Truckers, Teamsters Cheer as Supreme Court Seals Misclassification Court Battle

  • 04/05/2019
  • Paul Rosenberg

Denies Appeal of Ninth Circuit Decision Upholding State Misclassification Rulings

By Paul Rosenberg, Senior Editor

For years, the Labor Commissioners Office, headed by Julie A. Su, has ruled that port truckers are de facto employees, using a common law test and are therefore illegally misclassified by companies that treat them as independent contractors.

The California Trucking Association challenged this practice in federal court, losing at trial, and on appeal in the Ninth Circuit Court, in a decision handed down this past September. On March 18, the Supreme Court rejected the group’s bid to have the decision reversed.

The decision was hailed by Fred Potter, vice president-at-large, International Brotherhood of Teamsters, and director of the Teamsters Port Division.

“In rejecting the CTA’s appeal, the highest court in the land has effectively closed the case on predatory trucking companies’ efforts to dodge taxes and steal the hard-earned wages of drivers through a scheme that illegally classifies drivers as independent contractors,” Potter said.

“Over the past four years, the California Labor Commissioner has ruled 36 separate times that my co-workers and I at NFI Industries are misclassified as independent contractors, awarding us $7.3 million in stolen wages,” said Gustavo Villa, a port truck driver with NFI Industries/Cal Cartage Express.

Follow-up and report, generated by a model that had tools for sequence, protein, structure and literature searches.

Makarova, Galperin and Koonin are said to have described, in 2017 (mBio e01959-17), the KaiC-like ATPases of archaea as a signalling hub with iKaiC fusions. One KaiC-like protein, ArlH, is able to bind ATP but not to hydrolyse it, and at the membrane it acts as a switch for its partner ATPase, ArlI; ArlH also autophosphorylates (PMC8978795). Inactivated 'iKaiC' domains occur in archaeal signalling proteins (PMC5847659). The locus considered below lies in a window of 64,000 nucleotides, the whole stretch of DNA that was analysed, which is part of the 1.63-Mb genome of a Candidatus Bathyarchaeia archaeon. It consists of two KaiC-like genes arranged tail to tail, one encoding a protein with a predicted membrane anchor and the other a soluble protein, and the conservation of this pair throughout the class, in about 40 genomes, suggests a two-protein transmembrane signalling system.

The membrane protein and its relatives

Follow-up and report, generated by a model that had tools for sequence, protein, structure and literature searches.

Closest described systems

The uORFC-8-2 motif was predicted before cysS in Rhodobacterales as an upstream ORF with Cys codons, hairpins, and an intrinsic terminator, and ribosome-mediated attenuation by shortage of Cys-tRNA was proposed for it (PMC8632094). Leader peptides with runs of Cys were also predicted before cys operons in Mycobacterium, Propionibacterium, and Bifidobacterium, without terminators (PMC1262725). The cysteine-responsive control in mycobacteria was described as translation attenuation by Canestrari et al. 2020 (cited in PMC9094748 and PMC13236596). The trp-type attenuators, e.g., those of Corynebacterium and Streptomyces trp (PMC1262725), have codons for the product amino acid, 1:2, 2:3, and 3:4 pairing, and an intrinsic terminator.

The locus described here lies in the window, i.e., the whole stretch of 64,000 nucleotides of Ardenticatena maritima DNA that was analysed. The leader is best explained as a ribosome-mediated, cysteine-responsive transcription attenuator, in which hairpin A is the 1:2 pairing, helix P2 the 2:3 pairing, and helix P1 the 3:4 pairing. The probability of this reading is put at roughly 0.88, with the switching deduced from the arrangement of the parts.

“Most of these cases — including mine — are still under appeal by NFI,” Villa said. “Now that the Supreme Court has rejected the industry’s appeals, I hope that I can finally be properly classified as an employee so that I can be paid for all my hours worked, have decent health insurance for my family and have the protections properly classified employees are entitled to, like disability and workers’ compensation.”

The Ninth Circuit rejected the trucking association’s claim that state law was preempted by the Federal Aviation Administration Authorization Act of 1994 — the same argument used to overturn most of the original Clean Trucks Program.

But the court noted that while “the Supreme Court has held state laws preempted when a customer invokes them to obtain certain rates or services beyond what was set forth in their contract with a carrier,” this did not constitute “a broad rule that preemption occurs whenever a state law touches any aspect of a carrier’s contractual relationship with anyone.”

Instead, two other cases “compel us to conclude that the Borello [common law employment] standard is not preempted. And this conclusion finds support in the Federal Aviation Act’s legislative history as well as the California Supreme Court’s view of the matter.”

The Supreme Court’s refusal to review this decision signals an inevitable end to systemic misclassification, but inevitable doesn’t mean swift or automatic. Now that the law is clearly settled, it’s up to the trucking companies to change, up to the shippers to stop using companies that don’t change, and up to the ports to ban them unless they do change.

NFI/Cal Cartage was kicked out because of its labor law violations and a request for proposals has been issued to seek a new tenant. Sealed bids were received in late March. Whoever takes over has to agree to labor peace.  Teamsters expect it to be “a real game-changer.”

A contingent of former NFI warehouse workers and drivers and community supporters will testify at the Harbor Commission on April 4 in public comment, urging the companies that have done business with NFI in the past to continue doing business with its successor.  Warehouse workers are somewhat protected by the city’s worker retention ordinance, but nothing is certain without a struggle.

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